Issue no. 5, May 2015



Issue no. 5, May 2015
Rail Working Group's Newsletter INSIDE TRACK
Issue no. 5, May 2015
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“Inside Track” keeps RWG members and colleagues up to date on the progress of the
Luxembourg Protocol. You can be added onto the mailing list by clicking on “subscribe” at
the bottom of the newsletter.
Italian government to meet UNIDROIT in this month
The UK position post-election
Topic of the month: What constitutes an international interest?
Special deal for RWG members
Italian government to meet UNIDROIT in this month
Officials from the Ministry of Foreign Affairs will be meeting UNIDROIT later this month in
Rome to discuss implementation of the Cape Town Convention and as well as the
Protocols, including the Luxembourg Rail Protocol. Representatives from the local rail
industry will be present at the meeting as well as a delegation from the Rail Working
The UK position post-election
The British government was constrained from moving forward on the ratification process
until very recently because of the pending election. This has now passed and we believe
that the new government will carry over its policy of facilitating private sector finance of the
rail sector and move forward with ratification. In his manifesto, the Conservative Party
committed itself to significant investment in both roads and rail on top of its commitment to
build High-Speed 2, the new North-South railway linking up London with the West
Midlands, Leeds and Manchester and then move to develop High-Speed 3 to join up with
the North of the UK, with detailed commitments to provide new trains in many parts of the
rail network. The Rail Working Group will be taking part in a delegation meeting with the
British government in the coming days to ensure that it is now “full speed ahead” for the
Rail Protocol in the UK.
Topic of the month: What constitutes an international interest?
The Luxembourg Protocol and the Cape Town Convention work together to create various
rights for the holders of international interests. These rights include priority rights as well
as repossession rights on default or insolvency by the debtor.
Art. 2 of the Cape Town Convention sets out that an international interest arises in relation
to “uniquely identifiable object” of the types of movable equipment mentioned in the
Convention (Art. 2(3)) and which includes railway rolling stock where such interest is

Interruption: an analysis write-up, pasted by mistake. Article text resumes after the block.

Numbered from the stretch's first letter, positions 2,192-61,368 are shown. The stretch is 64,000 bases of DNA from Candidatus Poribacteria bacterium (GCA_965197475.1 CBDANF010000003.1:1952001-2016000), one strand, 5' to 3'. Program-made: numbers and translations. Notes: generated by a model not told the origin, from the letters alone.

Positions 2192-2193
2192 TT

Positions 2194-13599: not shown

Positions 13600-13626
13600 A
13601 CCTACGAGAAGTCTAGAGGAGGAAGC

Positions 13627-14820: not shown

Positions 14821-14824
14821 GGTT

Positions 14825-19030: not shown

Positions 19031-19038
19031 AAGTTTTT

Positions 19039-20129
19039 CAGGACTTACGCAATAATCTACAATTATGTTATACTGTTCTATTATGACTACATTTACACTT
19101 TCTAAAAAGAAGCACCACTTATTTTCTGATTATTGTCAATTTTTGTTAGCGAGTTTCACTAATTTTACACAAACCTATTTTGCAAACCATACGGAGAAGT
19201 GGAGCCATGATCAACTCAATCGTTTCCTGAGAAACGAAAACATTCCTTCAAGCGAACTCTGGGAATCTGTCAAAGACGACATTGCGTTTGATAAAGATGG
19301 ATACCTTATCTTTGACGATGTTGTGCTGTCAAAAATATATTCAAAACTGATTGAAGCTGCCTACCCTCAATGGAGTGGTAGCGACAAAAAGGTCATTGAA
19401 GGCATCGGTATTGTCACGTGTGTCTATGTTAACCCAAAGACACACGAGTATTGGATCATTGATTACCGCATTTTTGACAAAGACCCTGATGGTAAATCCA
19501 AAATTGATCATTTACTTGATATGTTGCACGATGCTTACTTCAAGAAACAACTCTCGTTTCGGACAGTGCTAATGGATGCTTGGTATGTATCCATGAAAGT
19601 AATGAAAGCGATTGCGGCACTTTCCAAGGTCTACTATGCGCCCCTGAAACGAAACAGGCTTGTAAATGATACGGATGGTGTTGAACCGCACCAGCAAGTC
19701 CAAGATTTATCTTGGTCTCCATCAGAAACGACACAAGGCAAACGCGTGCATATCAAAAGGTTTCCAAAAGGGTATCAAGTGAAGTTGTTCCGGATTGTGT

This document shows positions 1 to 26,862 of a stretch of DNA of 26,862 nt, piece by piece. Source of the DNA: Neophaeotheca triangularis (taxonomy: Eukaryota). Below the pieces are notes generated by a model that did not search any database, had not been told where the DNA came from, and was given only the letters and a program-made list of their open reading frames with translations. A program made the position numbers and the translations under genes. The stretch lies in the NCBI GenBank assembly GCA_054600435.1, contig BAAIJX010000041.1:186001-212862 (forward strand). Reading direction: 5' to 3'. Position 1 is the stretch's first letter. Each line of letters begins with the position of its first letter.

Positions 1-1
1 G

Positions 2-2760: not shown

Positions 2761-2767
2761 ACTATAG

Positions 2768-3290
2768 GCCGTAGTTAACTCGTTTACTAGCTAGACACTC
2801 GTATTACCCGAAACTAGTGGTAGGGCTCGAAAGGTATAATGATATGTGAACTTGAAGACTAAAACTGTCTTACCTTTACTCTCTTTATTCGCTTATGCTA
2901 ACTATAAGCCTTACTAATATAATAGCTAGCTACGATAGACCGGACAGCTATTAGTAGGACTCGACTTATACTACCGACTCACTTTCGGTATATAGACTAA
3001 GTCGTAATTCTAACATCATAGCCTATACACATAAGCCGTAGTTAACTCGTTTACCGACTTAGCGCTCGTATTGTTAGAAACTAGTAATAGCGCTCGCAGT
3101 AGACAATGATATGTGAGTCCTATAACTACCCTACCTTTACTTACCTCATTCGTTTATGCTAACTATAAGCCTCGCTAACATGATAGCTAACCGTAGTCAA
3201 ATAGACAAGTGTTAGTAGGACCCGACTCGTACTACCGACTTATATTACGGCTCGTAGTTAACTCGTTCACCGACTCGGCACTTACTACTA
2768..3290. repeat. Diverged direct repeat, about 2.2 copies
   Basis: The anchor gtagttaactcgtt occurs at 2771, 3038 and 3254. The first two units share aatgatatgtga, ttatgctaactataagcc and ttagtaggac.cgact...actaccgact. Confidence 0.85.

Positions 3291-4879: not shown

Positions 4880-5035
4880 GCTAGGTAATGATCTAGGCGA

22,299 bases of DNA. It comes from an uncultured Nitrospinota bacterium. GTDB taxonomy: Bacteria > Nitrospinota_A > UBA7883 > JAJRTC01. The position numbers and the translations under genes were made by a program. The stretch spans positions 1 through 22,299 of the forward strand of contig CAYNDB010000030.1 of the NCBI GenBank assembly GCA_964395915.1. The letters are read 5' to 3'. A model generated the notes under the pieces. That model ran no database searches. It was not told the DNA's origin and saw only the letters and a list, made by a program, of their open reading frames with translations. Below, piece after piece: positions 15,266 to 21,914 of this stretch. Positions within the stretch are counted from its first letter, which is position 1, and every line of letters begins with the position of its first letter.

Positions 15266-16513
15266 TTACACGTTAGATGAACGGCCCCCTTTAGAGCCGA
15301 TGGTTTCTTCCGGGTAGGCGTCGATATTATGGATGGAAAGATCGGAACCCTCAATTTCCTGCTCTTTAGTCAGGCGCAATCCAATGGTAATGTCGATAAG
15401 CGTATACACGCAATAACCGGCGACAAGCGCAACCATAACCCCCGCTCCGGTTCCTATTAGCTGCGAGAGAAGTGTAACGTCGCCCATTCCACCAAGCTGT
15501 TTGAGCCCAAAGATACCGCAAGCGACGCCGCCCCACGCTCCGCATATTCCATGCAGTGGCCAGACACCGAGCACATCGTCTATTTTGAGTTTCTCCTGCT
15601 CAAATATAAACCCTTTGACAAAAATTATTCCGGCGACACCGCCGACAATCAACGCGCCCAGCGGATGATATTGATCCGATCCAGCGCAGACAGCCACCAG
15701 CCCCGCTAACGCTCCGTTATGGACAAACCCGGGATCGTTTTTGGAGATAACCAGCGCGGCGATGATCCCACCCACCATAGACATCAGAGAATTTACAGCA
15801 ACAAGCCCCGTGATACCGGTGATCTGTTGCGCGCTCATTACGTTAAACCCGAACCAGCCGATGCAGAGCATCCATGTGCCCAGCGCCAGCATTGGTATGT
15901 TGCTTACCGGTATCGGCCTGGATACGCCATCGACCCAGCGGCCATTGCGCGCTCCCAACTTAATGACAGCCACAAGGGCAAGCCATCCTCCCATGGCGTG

created in three separate ways. Either it is a security interest granted by a debtor charging
or pledging the asset it owns to the creditor under the terms of a security agreement or it
is vested in the seller under a conditional sale agreement where there is a title reservation
in favour of the seller until the full purchase proceeds are paid or the interest arises in
favour of a lessor under a leasing agreement. This is all in turn premised on the
assumption that the debtor (charger/conditional purchaser/lessee) has its principal place
of business in jurisdiction which has ratified the Luxembourg Protocol (and the Cape Town
Convention). The holder of an international interest is not required to register it but would
be well advised to do so since this will protect the creditor’s interest from any
subsequently created international interest which is registered. But there are two other
interesting aspects on should be considered.
In certain cases under local law a lease agreement may be considered to be a security
agreement and there may be other examples where the formal stated agreement may be
re-categorised. Art. 2 (4) of the Convention states that the local legal categorisation by the
applicable law is determinative. Art. 5 (3) makes it clear which law is applicable and
specifically the domestic rules of that law.
A second interesting issue is what constitutes a leasing agreement. This covers any
relationship whereby one party grants a right of possession or control of an object to
another against payment and regardless of the length of the agreement or what it is
described as contractually. It may therefore be a short term licence or rental agreement
and there may not even be a written contract. Inter-operator agreements whereby one
operator pays the owner a daily rental based on the period of time the equipment is in an
operator’s area of operation would clearly constitute a lease agreement. On the other
hand an agreement described as a lease but which leaves possession and control in the
hands of the lessor (for example a wet lease of a locomotive) is not a leasing agreement
for those purposes. In principle a lease for 24 hours would still create an international
interest in favour of the lessor and would be registrable if the lessee was located in a state
which had ratified the Luxembourg Protocol. On a practical basis however we would
expect that ultra-short term leases would not be registered unless there are any obvious
threats to the rights of the lessor.
Special Deal for RWG members
Rail Working Group members are entitled to purchase Professor Goode’s official
commentary on the Luxembourg Protocol at a 15% discount. If you wish to use this
facility, please use the official form which you can find here.
For copies of past newsletters click here.
For information about membership of the RWG click here.
Published by the Rail Working Group, a not for profit Association established under Swiss law.
E-mail address: [email protected]
The opinions express in articles or reports in this publication do not necessarily reflect the opinions or policy of
Rail Working Group
© 2015 Rail Working Group
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